Internet i inne organizacje

What Does the Future Hold for the Internet?

CircleID - 23 godziny 9 minut temu

Explore the interactive 2017 Global Internet Report: Paths to Our Digital FutureThis is the fundamental question that the Internet Society is posing through the report just launched today, our 2017 Global Internet Report: Paths to Our Digital Future.

The report is a window into the diverse views and perspectives of a global community that cares deeply about how the Internet will evolve and impact humanity over the next 5-7 years. We couldn't know what we would find when we embarked on the journey to map what stakeholders believe could shape the future of the Internet, nor can we truly know what will happen to the Internet, but we do now have a sense of what we need to think about today to help shape the Internet of tomorrow. The report reflects the views and aspirations of our community as well as some of the most pressing challenges facing the future of this great innovation.

What have we learned? We've learned that our community remains confident that the core Internet values that gave rise to the Internet remain valid. We also heard very strong worries that the user-centric model of the Internet is under extraordinary pressure from governments, from technology giants, and even from the technology itself. There is a sense that there are forces beyond the users' control that may define the Internet's future. That the user may no longer be at the center of the Internet's path.

It is, perhaps, trite to say that the world is more connected today than ever before. Indeed, we are only beginning to understand the implications of a hyperconnected society that is dependent on the generation, collection and movement of data in ways that many do not fully understand. The Internet of the future will most certainly enable a host of products and services that could revolutionize our daily lives. At the same time, our dependence on the technology raises a myriad of challenges that society may be ill-equipped to address.

Clearly, the Internet is increasingly intertwined with a geopolitical environment that feels uncertain and even precarious. The Internet provides governments with both opportunities to better the lives of their people but also tools for surveillance and even control. This report highlights the serious choices we all must make about how to ensure that rights and freedoms prevail in the Internet of the future. The decisions we make will determine whether humanity remains in the drivers' seat of technology or not.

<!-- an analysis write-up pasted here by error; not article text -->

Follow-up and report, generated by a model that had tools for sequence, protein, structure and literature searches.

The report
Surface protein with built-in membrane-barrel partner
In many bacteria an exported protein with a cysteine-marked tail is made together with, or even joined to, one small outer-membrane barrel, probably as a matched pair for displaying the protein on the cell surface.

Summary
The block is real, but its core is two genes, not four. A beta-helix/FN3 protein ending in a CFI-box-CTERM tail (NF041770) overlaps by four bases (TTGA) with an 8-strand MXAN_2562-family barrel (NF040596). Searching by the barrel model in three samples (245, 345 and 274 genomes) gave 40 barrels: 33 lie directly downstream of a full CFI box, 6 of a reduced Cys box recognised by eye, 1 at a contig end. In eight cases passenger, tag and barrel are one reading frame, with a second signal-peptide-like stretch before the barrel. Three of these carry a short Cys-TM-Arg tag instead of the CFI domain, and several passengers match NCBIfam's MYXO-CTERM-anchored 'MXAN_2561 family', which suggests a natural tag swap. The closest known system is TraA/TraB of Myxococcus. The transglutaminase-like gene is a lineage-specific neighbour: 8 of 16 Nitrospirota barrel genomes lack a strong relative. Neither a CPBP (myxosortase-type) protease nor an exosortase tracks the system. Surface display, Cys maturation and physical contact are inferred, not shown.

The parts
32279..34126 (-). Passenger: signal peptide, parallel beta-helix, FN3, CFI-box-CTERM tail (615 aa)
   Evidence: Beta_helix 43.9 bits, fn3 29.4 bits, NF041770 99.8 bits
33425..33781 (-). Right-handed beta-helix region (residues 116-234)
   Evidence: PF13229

In short, the decisions we make about the Internet can no longer be seen as "separate", as "over there" — the implications of a globally interconnected world will be felt by all of us. And the decisions we make about the Internet will be felt far and wide. We are still just beginning to understand the implications of a globally connected society and what it will mean for individuals, business, government and society at large.

How we address the opportunities and challenges that today's forces of change are creating for the future is paramount, but one thing above all others is certain — the choices are ours alone to make, and the future we want is up to us to shape.

Explore the interactive 2017 Global Internet Report: Paths to Our Digital Future

Written by Sally Shipman Wentworth, VP of Global Policy Development, Internet Society

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More under: Broadband, Censorship, Cybersecurity, Internet Governance, Internet Protocol, Mobile Internet, Networks, Policy & Regulation, Privacy, Web

Google Global Cache Servers Go Online in Cuba, But App Engine Blocked

CircleID - Pią, 2017-09-22 20:28

I had hoped to get more information before publishing this post, but difficult Internet access in Cuba and now the hurricane got in the way — better late than never.

Cuban requests for Google services are being routed to GCC servers in Cuba, and all Google services that are available in Cuba are being cached — not just YouTube. That will cut latency significantly, but Cuban data rates remain painfully slow. My guess is that Cubans will notice the improved performance in interactive applications, but maybe not perceive much of a change when watching a streaming video.

Note the italics in the above paragraph — evidently, Google blocks access to their App Engine hosting and application development platform. Cuban developers cannot build App Engine applications, and Cubans cannot access applications like the Khan Academy or Google's G-Suite.

The last time I checked, Rackspace and Amazon allow access to their hosting platforms from Cuba, but IBM Softlayer and Google did not. President Obama clearly favored improved telecommunication for Cuba, in his Cuba Policy Changes, stating:

"I've authorized increased telecommunications connections between the United States and Cuba. Businesses will be able to sell goods that enable Cubans to communicate with the United States and other countries."

While Trump claimed that he was "canceling the last administration's completely one-sided deal with Cuba," he made few changes and has said nothing about restrictions on access to Internet services by Cubans.

I wonder why IBM and Google do not follow the lead of Amazon and Rackspace.

Written by Larry Press, Professor of Information Systems at California State University

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Networks Are Not Cars Nor Cell Phones

CircleID - Czw, 2017-09-21 18:24

The network engineering world has long emphasized the longevity of the hardware we buy; I have sat through many vendor presentations where the salesman says "this feature set makes our product future proof! You can buy with confidence knowing this product will not need to be replaced for another ten years..." Over at the Networking Nerd, Tom has an article posted supporting this view of networking equipment, entitled Network Longevity: Think Car, not iPhone.